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In Which a Misspoken word brings up Ancient Rivalries

"I was there. I saw it. It all started, as these things do, in a tea party being held in the reception room at Whitehall, London. Disraeli was giving Gladstone dirty looks over crumpets-- he had been saddled with the German cultural minister, Pappenheim, all bloody day and had stretched the bounds of civility putting up with the bloody bore-- What with "Der glories uf Prussian engineering..." and the "natural superiority uf our Teutonic peoples..." it had stretched the boundaries of civility. The French toff, Déclassé, showing a tact that belied his usual oily self, had turned the subject of discourse from sport to the latest advances in transportation. In particular, he waxed enthusiastic over the latest French rage for cycling... "Oh, mes Amis! If you could but see it, the fresh air, the, how you say it, the manful exercise! A supremely Gallic pastime, no?"

Later pundits suggest this is the moment where it all happened; they are probably correct. Pappenheim had been paying only a desultory attention to Déclassé's comments; it was the "supremely Gallic" tidbit that set him, terrier-like, onto his prey. Looking down his veiny red nose, he flung back a Teutonic Bombast: "Und what do the French know of the so-called manful exercises, hein? After all, you are not masters of Die Schlager or the Boar-hunt, what mecks you zo sure of yourself?" Déclassé, normally very diffident and amiable, turned beet red. "I was merely commenting on my country's great technical advances in the field of personal transportation, my dear Baron... take it as you will." The Prussian's return sneer was almost palpable. "My dear Count Déclassé, I was not aware there were ANY technical advances out of France these days... especially in these... bicycles?" The Frenchman goggled, obviously stung to the point of near incoherence. "Why.. why... we are leagues beyond any paltry accomplishments of you... BOCHE!! Feagh!".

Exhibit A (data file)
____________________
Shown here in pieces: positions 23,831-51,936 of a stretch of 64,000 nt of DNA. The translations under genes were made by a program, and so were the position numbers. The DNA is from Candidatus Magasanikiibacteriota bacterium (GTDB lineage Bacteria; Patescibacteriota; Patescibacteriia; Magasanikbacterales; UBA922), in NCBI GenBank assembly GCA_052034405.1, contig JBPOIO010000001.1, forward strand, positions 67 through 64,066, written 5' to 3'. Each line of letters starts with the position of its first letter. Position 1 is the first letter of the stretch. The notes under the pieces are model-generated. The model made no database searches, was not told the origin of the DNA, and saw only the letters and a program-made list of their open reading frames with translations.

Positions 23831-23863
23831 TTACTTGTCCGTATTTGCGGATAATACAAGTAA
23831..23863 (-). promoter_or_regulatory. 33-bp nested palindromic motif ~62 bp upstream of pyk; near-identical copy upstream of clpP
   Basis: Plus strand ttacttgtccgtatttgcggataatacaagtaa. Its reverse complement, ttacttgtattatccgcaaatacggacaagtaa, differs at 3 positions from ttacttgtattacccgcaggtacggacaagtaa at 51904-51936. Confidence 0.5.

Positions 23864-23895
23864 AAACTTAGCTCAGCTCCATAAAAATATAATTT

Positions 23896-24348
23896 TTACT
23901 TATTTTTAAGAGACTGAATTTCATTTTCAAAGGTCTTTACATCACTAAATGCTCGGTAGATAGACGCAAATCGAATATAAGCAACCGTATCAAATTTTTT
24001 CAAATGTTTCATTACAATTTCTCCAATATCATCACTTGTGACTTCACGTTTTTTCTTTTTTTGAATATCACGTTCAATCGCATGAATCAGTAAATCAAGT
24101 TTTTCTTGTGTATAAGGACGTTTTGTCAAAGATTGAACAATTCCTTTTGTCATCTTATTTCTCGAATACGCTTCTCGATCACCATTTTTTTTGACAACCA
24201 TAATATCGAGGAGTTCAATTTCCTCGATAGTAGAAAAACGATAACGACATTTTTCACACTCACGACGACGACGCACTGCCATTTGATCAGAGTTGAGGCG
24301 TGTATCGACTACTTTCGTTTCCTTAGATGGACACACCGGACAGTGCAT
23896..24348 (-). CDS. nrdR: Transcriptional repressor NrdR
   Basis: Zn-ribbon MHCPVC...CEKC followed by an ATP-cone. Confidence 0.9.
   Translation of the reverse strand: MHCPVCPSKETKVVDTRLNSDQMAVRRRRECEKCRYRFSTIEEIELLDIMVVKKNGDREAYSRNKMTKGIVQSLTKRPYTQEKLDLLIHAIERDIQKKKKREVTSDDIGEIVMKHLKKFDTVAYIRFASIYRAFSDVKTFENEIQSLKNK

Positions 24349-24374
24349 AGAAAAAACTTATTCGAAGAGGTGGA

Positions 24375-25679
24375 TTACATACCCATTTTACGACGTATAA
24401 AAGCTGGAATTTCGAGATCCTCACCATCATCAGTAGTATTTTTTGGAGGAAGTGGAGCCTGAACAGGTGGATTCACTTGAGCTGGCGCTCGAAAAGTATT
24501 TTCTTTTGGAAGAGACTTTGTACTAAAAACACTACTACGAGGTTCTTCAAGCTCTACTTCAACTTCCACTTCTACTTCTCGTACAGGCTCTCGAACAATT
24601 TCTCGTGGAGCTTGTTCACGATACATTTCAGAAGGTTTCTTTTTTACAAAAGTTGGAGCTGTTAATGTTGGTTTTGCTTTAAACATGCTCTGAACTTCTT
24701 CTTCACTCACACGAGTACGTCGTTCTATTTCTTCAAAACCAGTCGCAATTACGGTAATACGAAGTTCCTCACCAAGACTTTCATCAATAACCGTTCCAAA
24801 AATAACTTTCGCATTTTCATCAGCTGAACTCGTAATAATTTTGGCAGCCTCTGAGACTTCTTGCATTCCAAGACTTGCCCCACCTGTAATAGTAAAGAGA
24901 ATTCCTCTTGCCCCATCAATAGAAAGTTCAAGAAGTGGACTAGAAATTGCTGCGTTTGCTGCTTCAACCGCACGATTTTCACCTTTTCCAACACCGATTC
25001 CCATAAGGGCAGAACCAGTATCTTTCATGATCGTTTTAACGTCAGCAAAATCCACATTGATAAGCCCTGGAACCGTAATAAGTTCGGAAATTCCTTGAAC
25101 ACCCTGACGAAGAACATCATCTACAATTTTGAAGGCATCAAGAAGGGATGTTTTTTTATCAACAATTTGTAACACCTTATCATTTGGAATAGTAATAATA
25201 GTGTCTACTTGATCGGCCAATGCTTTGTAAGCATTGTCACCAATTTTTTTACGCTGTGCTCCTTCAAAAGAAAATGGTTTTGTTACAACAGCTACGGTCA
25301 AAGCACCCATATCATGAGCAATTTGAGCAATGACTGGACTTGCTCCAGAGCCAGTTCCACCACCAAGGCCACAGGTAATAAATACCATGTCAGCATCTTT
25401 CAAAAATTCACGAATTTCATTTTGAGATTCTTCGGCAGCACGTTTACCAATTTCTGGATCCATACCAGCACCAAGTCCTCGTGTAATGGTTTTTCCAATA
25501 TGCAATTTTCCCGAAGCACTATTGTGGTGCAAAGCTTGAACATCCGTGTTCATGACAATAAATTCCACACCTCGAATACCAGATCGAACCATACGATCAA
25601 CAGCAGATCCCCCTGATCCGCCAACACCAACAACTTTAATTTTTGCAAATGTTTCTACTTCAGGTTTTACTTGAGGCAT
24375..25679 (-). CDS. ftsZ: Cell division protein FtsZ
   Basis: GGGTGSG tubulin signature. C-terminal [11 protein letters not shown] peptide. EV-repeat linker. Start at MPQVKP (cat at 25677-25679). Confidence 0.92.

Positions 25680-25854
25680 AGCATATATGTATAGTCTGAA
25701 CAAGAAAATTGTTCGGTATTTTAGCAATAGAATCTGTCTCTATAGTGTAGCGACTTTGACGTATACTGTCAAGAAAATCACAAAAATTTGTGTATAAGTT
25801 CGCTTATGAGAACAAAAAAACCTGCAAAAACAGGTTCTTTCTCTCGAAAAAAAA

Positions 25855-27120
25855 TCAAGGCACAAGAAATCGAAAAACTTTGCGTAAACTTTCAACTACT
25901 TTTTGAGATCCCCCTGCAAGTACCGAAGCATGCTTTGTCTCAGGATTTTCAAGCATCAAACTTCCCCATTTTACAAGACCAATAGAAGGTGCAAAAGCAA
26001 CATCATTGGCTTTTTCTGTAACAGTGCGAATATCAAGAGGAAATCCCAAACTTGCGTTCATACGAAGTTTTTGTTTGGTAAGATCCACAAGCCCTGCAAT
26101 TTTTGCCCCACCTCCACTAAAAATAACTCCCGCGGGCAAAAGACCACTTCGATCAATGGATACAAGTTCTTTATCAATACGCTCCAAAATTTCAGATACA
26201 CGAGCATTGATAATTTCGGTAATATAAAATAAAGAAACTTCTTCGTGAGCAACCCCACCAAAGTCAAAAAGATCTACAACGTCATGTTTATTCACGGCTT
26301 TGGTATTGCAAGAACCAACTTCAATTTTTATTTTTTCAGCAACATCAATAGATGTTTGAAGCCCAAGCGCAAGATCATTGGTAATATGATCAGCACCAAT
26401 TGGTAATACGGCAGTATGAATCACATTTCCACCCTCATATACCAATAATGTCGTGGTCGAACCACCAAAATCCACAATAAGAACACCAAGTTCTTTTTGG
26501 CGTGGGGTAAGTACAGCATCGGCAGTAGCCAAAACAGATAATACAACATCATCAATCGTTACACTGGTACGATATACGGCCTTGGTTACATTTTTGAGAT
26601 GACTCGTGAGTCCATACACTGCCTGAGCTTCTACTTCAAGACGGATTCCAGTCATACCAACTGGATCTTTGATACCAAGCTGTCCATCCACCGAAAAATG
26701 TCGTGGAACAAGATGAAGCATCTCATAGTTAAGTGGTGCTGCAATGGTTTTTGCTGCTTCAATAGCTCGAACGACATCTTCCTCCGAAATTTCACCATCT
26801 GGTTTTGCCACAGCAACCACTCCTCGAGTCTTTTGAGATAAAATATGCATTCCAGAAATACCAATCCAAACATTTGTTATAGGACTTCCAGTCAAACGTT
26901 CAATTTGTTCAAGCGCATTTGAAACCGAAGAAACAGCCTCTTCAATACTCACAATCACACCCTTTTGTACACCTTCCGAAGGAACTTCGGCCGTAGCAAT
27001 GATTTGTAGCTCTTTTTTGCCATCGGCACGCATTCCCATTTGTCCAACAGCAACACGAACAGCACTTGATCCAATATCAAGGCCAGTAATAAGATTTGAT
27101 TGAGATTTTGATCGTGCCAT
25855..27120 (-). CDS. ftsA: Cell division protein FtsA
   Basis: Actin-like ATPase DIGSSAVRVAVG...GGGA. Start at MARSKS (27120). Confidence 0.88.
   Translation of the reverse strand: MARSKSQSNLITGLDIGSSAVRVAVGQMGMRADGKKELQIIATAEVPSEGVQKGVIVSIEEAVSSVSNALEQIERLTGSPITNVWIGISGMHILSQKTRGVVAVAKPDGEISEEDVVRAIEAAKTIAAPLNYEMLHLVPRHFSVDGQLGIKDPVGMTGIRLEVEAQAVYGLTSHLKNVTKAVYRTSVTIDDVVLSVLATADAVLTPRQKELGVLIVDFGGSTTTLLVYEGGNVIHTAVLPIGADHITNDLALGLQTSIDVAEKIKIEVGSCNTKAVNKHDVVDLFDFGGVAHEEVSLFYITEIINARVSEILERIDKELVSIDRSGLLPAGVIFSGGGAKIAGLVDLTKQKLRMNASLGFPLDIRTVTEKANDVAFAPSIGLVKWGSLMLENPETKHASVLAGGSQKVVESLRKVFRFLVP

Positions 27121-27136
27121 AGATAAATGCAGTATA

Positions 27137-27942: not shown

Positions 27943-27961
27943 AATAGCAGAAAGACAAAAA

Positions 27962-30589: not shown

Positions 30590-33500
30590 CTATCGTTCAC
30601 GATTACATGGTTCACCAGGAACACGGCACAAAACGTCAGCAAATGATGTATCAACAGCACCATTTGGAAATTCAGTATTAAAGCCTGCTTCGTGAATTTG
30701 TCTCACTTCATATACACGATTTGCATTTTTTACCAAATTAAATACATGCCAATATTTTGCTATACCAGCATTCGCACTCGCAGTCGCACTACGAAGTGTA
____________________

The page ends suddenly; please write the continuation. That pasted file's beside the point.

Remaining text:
They would have grappled, then and there, were it not for the timely intercession of a burly American invited to the same affair. The American, who went by the name of Barnum, had a curious and intriguing proposal for the diplomats. Why not stage a race? The Frenchman's bicycle against whatever conveyance the Prussian could devise? A young infantry captain, Oliphaunt, who had been particularly useful in diffusing the Vera Cruz evacuation during the Maximillion Affair, was given charge of organizing the affair d'honneur. As it turned out, the Frenchman soundly beat the Prussian's crude attempt at a steam-powered velocipede. Though this has never been officially admitted, the Prussians pulled out of  Denmark shortly afterward. Coincidence? I know some who would say different. I imagine every schoolboy knows about our annual competition by now. Is the rest history? Perhaps, perhaps not. I suspect, however, that the more friendly rivalries of the Annual Grand Circuit Race (Which the besotted French persist in calling "Le Grand Cirque") may have prevented a war or two in our day... and that's good enough for me.

Lord Palmerston, Introduction,
Memoirs of the Steam Age London, 1890